Harish Nambiar's Defragmenting India looks at the country after the infamous 2002 Gujarat riots took place. Nambiar, a journalist with Reuters, narrates his journey cutting across the country from the point of view of a pillion-rider on an Enfield Bullet motorcyle.
In an interview with Abhishek Mande, Nambiar tells us just what prompted the journey and indeed the book.
They say every journey you take makes you wiser. How wise would you say your journey made you? What would you say were your five greatest (for the want of another word) 'learnings' from this journey?
Well, the only thing I learnt, and may have since forgotten, is how to sit steady on a motorcycle behind the rider. This question, though, will probably be more resonant for Rohan, for whom it was a definitive growing-up story.
What really made you plan this trip? You do mention it was a spur-of-the-moment decision but would love to know what the thought behind this trip was.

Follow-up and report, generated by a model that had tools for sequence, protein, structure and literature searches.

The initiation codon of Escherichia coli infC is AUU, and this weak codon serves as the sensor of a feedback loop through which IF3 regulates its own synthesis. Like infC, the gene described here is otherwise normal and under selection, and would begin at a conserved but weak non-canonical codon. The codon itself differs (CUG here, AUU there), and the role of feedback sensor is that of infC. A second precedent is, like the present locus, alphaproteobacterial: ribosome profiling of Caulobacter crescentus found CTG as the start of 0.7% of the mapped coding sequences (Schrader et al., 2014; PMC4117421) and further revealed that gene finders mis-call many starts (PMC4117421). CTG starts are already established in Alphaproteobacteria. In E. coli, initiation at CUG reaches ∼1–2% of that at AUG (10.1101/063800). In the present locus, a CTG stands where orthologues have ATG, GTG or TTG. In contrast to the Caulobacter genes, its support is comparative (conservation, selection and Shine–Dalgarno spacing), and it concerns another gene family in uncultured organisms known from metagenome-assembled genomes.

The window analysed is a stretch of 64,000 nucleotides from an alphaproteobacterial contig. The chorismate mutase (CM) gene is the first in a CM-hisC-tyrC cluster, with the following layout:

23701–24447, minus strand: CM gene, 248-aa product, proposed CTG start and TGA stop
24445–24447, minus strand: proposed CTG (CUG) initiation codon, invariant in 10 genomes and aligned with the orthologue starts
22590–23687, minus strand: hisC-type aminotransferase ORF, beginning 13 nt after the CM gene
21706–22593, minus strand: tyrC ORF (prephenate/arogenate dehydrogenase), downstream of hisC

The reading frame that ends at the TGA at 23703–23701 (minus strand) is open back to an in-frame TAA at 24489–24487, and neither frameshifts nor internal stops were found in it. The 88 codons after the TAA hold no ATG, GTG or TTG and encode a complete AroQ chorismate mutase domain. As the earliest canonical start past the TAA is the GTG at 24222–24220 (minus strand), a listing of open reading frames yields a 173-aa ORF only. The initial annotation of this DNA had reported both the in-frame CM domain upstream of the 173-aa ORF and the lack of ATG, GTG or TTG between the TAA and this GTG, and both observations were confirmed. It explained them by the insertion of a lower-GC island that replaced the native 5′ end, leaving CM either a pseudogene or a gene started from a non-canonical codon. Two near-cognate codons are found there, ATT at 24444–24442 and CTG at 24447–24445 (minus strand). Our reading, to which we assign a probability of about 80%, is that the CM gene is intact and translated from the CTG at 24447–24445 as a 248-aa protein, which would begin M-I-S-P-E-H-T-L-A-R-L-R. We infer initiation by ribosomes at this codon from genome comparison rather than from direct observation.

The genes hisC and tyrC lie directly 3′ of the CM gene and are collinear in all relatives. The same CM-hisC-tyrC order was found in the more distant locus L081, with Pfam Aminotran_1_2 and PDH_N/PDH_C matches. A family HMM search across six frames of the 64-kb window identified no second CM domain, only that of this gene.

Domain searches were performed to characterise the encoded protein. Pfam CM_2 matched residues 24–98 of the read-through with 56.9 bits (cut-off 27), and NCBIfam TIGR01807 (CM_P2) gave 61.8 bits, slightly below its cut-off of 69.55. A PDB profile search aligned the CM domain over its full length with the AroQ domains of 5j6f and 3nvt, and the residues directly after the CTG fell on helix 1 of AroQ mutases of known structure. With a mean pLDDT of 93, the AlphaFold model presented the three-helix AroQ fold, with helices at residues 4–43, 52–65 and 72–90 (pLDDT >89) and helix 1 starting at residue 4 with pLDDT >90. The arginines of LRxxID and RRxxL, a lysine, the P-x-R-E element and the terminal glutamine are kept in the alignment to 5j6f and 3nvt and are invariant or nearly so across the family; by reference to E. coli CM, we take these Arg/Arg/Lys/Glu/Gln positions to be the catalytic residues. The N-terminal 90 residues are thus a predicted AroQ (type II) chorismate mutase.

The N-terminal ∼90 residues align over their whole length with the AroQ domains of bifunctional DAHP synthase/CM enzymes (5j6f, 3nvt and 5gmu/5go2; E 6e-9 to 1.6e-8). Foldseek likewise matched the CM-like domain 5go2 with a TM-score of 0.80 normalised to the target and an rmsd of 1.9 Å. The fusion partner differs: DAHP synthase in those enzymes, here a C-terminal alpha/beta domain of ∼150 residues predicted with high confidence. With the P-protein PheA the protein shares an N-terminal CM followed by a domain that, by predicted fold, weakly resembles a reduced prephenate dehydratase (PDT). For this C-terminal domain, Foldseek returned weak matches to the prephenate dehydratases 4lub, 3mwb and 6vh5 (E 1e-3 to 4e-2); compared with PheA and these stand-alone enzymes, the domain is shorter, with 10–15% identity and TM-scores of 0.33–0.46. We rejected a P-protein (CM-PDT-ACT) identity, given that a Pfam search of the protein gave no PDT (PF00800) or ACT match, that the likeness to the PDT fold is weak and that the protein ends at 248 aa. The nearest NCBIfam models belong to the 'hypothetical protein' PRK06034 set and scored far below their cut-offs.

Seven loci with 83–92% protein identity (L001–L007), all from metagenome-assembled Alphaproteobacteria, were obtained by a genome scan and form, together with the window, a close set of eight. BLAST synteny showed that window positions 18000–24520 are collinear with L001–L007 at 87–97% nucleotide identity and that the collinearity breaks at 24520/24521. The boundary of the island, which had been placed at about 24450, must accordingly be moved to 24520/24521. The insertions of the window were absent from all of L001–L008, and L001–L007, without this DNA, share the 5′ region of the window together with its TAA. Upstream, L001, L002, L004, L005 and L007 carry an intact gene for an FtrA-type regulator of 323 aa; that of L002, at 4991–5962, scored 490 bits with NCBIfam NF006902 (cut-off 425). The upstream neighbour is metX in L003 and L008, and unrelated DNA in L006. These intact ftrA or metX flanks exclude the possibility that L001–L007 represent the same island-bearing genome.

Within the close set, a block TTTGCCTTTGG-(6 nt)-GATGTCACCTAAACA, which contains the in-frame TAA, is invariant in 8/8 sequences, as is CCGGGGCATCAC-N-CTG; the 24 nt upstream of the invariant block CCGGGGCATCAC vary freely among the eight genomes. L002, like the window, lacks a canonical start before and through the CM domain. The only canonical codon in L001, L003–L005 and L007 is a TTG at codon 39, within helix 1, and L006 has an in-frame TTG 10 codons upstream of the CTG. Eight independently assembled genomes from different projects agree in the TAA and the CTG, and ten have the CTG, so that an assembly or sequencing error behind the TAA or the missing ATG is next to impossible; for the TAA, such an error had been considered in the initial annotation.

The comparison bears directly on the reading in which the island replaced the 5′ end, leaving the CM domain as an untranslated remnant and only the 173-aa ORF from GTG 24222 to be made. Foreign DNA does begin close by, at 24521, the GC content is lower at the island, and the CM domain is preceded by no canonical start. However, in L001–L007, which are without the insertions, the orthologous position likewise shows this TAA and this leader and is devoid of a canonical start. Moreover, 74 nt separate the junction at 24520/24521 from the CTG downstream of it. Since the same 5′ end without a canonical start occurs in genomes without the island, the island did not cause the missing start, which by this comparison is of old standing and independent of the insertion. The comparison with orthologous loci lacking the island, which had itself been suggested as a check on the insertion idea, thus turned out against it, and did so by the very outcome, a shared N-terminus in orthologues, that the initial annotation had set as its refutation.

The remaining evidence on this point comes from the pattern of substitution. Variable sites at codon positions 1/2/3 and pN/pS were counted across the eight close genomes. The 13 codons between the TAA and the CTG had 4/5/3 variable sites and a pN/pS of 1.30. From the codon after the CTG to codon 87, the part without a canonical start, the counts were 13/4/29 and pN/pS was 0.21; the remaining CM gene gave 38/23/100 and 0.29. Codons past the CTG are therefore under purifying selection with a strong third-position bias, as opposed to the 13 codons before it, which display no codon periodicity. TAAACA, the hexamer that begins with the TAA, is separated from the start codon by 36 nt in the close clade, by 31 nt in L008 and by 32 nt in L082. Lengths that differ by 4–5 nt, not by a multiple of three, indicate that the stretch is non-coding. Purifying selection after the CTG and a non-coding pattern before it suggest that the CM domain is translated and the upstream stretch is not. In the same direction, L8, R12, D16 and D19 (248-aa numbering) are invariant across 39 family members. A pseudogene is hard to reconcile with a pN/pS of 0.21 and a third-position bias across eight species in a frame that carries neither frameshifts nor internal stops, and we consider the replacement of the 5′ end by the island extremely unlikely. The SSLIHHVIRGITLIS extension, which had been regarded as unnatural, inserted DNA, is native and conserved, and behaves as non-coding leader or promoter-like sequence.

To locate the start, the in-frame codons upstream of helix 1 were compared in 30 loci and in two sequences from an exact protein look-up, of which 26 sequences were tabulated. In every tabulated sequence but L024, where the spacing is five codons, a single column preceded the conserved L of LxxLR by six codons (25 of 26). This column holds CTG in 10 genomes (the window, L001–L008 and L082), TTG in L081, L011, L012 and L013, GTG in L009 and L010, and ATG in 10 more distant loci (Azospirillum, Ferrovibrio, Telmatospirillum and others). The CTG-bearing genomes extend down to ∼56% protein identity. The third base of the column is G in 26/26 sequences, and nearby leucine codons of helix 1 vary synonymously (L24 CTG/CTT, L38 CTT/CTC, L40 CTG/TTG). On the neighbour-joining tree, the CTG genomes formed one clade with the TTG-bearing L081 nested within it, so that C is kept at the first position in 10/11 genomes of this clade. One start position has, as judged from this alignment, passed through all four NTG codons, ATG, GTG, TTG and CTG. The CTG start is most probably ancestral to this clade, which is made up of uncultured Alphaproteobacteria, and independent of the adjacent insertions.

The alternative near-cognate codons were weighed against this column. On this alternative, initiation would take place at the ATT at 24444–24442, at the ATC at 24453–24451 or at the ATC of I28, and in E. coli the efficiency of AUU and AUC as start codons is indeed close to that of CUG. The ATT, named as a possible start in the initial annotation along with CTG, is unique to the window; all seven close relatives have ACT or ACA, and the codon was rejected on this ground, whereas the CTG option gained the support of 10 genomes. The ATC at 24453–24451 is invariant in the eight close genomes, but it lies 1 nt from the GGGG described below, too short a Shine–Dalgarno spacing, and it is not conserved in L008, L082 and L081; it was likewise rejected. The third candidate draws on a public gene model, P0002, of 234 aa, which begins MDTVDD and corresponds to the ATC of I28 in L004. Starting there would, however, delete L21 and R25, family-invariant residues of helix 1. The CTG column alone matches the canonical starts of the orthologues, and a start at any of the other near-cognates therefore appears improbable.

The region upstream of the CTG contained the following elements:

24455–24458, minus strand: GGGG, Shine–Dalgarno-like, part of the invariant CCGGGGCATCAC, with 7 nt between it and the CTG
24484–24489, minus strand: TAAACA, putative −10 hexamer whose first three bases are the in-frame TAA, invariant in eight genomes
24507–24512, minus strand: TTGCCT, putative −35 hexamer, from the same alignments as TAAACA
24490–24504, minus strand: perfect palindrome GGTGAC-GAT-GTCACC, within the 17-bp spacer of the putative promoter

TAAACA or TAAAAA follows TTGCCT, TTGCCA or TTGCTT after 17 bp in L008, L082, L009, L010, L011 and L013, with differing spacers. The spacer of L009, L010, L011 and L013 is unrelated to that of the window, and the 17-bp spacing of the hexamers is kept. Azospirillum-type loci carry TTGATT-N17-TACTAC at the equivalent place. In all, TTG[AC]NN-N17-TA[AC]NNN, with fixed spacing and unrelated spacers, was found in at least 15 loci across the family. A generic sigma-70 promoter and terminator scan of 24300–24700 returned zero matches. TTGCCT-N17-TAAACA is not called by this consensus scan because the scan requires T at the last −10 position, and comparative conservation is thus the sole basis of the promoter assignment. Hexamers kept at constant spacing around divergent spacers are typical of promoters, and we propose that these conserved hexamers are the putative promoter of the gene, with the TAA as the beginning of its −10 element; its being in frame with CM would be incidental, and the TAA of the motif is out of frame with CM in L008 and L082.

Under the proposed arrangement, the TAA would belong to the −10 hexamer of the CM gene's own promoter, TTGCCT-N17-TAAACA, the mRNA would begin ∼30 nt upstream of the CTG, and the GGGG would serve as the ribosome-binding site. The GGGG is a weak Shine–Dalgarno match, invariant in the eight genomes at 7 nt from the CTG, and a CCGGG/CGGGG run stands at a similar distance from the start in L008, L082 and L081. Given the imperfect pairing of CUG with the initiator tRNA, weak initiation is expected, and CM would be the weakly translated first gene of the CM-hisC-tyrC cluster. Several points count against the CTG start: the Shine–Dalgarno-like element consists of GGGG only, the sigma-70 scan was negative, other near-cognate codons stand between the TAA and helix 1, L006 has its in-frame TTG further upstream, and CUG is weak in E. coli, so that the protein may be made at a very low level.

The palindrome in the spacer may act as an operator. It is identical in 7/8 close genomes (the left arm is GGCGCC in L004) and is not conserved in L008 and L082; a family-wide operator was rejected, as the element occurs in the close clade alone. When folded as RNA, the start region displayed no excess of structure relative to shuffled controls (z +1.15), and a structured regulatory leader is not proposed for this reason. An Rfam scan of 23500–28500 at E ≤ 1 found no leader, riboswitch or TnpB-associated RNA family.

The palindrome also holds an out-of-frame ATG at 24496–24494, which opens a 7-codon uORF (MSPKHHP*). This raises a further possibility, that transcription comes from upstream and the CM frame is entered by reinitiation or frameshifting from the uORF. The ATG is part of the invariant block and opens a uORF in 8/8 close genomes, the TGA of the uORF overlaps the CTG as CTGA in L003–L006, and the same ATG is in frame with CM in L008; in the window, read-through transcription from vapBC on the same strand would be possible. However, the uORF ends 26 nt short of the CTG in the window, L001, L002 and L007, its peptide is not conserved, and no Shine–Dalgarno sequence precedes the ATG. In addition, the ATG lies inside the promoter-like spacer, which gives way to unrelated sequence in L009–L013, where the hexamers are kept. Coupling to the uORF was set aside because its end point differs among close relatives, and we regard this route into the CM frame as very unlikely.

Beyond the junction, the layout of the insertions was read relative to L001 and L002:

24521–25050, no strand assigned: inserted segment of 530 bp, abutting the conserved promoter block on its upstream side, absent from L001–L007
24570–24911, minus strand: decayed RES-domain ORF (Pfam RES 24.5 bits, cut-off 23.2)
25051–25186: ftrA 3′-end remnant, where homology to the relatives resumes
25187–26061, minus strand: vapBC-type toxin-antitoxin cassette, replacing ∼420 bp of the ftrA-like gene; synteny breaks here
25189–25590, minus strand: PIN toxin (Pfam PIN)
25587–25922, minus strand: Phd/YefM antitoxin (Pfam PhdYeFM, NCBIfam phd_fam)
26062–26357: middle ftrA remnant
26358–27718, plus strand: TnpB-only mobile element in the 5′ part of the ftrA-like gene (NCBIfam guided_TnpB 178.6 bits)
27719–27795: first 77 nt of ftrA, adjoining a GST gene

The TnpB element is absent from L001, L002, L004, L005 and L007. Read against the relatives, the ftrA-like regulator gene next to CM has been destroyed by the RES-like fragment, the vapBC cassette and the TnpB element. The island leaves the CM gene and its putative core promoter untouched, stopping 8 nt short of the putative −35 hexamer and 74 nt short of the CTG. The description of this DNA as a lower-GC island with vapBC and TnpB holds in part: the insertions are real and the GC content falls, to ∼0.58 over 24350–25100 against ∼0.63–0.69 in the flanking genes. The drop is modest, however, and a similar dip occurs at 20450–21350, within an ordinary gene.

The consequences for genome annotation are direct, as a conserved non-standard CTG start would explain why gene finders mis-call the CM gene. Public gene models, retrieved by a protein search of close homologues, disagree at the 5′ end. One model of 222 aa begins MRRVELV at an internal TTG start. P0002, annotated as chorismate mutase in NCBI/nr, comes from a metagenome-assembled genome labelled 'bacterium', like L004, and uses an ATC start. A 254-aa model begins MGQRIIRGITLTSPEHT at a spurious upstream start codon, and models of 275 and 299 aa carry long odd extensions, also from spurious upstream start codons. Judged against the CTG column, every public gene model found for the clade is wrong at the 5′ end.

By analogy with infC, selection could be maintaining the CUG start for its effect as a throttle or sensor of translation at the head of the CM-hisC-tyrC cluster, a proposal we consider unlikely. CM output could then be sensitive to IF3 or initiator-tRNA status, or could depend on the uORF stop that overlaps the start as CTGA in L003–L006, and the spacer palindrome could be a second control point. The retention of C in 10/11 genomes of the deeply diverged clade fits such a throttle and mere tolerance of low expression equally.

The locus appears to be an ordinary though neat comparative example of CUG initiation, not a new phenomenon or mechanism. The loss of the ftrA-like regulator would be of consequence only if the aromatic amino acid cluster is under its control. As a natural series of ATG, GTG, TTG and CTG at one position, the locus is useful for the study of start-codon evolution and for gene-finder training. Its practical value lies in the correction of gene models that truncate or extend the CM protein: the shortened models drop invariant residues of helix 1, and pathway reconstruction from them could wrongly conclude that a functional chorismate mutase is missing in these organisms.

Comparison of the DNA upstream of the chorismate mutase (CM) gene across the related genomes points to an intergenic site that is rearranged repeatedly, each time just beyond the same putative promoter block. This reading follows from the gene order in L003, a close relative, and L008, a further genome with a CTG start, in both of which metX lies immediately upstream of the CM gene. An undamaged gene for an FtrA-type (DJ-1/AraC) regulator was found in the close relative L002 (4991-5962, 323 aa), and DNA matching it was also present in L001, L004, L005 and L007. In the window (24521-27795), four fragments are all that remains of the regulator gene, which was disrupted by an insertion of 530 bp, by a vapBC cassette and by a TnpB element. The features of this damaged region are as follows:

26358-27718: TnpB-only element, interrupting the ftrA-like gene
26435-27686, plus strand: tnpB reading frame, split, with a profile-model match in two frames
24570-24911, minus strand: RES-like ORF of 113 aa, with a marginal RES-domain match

I might come across as pretentious, if not a downright liar, if I told you that I never plan details of a trip. I keep my planning to the minimum and ready to take in as much as I can of the places, regions and people I meet. I fancy I am more of a traveller than a tourist. Very often, I do not even carry a camera.
This particular trip was a little odd in the sense that my companion was somebody who started out hero-worshipping me a few years earlier. He was a supreme biker, but most of his bike stunts were exhausted on the Sion-Trombay Road and the Central Avenue of Chembur in Mumbai. He had got me to promise him that someday I would accompany him on a cross-country biking trip. The trip itself happened several years after the promise was made to a 19-year old tyro. It so happened that I had leave, I had his offer and also the fact that I had never made a biking tour. His parents knew and trusted me and were happy to allow him to go on a long trip as long as I was with him.
What prompted you to write this book? Was writing it on your mind when you started out?